Gda Boyle went with Sergeant Kieran McGinty to the Kilroy home where he found three very young and extremely distressed children crying very loudly. Gda Nallen was trying to comfort them and make them feel at ease. “With the information we had received there was a possibility of three or four bodies, obviously when we saw the children were ok our attention focused on the whereabouts of Ms French Kilroy,” he said.

The witness said he commenced a search of the house and went into one of the children’s bedrooms but could find nobody there.

There was no body in the next bedroom which was very untidy with bedsheets thrown on the ground. Gda Boyle went to the downstairs bathroom after he was informed about blood splatter there. Gardaí quickly ascertained that Ms French Kilroy was not in the house, he said.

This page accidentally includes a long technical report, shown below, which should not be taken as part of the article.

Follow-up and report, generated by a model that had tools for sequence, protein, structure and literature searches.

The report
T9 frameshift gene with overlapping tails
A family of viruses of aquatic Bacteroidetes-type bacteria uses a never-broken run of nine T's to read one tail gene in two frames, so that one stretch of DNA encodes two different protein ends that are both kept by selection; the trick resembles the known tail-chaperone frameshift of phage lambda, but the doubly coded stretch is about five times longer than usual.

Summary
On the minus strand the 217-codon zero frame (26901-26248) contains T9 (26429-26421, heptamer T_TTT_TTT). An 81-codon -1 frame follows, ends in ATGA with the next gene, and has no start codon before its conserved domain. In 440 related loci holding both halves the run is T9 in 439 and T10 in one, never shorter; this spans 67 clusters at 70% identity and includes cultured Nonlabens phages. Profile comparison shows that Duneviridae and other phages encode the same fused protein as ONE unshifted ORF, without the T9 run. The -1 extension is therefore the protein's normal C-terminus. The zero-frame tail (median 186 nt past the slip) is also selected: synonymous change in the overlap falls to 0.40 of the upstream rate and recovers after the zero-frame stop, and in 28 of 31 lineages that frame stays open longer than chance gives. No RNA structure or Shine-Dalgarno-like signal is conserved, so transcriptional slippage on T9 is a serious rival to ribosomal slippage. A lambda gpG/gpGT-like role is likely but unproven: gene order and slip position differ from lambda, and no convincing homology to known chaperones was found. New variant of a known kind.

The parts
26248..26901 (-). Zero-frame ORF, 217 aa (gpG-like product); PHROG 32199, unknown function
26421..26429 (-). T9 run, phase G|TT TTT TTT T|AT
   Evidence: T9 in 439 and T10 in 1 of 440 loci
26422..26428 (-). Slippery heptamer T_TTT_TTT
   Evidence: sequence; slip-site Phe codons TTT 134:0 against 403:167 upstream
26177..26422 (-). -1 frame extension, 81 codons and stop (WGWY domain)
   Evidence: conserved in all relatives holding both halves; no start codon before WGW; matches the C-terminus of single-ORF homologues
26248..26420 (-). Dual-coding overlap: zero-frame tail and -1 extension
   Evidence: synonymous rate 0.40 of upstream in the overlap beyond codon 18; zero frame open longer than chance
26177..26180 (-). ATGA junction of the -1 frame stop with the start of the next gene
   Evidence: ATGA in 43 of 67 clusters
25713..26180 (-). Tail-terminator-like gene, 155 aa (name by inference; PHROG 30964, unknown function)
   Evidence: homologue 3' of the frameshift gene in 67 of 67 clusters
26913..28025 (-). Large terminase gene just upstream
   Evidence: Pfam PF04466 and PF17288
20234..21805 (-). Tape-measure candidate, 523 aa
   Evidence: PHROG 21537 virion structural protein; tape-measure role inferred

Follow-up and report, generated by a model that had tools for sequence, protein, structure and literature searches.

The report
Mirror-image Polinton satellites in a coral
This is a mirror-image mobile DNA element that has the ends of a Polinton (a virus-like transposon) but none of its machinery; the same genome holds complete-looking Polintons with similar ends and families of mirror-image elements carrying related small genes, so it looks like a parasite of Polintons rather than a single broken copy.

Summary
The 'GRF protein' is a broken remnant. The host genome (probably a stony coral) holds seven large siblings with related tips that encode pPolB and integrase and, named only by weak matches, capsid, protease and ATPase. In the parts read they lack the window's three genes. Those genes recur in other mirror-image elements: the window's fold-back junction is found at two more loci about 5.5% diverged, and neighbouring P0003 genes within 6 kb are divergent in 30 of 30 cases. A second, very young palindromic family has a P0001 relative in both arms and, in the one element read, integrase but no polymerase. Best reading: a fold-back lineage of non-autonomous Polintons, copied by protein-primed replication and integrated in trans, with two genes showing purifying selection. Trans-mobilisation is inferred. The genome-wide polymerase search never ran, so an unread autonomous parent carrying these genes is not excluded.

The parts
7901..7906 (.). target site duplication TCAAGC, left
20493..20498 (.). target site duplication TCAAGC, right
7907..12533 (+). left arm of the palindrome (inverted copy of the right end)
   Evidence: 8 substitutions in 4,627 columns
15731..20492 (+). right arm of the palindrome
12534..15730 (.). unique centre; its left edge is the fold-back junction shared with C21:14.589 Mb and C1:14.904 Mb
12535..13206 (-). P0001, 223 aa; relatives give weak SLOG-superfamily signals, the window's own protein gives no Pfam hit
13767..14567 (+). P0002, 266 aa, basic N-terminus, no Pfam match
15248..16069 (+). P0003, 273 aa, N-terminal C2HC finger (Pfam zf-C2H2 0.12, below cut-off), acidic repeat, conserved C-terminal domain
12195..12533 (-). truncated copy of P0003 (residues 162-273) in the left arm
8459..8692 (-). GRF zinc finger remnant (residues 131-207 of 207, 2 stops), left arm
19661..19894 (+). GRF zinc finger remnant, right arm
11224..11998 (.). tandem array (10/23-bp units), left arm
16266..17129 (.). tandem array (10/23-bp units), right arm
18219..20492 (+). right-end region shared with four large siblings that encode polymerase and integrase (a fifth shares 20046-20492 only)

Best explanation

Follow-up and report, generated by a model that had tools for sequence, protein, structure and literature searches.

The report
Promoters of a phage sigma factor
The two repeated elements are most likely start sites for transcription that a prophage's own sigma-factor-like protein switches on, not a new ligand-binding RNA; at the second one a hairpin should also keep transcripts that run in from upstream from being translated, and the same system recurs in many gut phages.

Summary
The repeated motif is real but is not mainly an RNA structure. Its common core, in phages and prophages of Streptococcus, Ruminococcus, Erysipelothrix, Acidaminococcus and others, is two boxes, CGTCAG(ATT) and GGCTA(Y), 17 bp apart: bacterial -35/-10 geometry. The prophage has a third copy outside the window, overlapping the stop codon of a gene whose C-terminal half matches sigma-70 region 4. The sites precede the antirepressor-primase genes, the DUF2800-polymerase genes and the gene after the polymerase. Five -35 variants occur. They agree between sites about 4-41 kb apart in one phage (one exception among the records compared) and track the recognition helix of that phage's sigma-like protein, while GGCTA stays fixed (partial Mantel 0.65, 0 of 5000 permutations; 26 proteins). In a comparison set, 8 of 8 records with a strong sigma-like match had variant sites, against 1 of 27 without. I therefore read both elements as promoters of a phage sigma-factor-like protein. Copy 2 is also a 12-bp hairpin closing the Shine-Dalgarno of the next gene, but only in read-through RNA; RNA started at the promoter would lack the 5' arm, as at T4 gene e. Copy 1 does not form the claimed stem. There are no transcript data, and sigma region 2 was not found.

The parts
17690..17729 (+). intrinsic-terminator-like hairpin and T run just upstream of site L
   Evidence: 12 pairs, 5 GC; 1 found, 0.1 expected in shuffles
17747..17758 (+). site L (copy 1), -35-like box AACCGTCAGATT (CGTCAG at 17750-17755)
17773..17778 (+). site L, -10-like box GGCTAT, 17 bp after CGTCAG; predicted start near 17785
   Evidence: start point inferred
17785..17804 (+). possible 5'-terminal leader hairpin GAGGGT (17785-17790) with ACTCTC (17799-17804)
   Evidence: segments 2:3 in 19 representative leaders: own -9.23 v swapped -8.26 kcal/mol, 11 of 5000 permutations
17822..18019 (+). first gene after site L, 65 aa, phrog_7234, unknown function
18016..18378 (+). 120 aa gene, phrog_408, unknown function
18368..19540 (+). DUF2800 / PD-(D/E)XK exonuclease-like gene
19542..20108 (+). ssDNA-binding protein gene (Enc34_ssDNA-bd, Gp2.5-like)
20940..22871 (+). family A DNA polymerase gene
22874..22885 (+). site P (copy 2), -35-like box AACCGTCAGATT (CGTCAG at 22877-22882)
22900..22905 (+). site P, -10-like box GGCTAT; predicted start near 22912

Gda Boyle went outside to the farmyard where he found a green old style camper van in a shed. The front of the vehicle was closely parked to a wall and there was a large pool of blood at the back of the van.

The sliding door on the left was open but he couldn’t see into it. “A wooden type chair was blocking my path so I walked around the front of the vehicle, when I walked I could see a hand hanging out the sliding door. It had three rings on the ring finger and a gash to the wrist,” he said.

The body was that of Ms French Kilroy, and she was lying on her left-hand side in a curved position with her knees bent forward to her chest. “I couldn’t see her face as a [child’s] car seat was placed over it,” he said.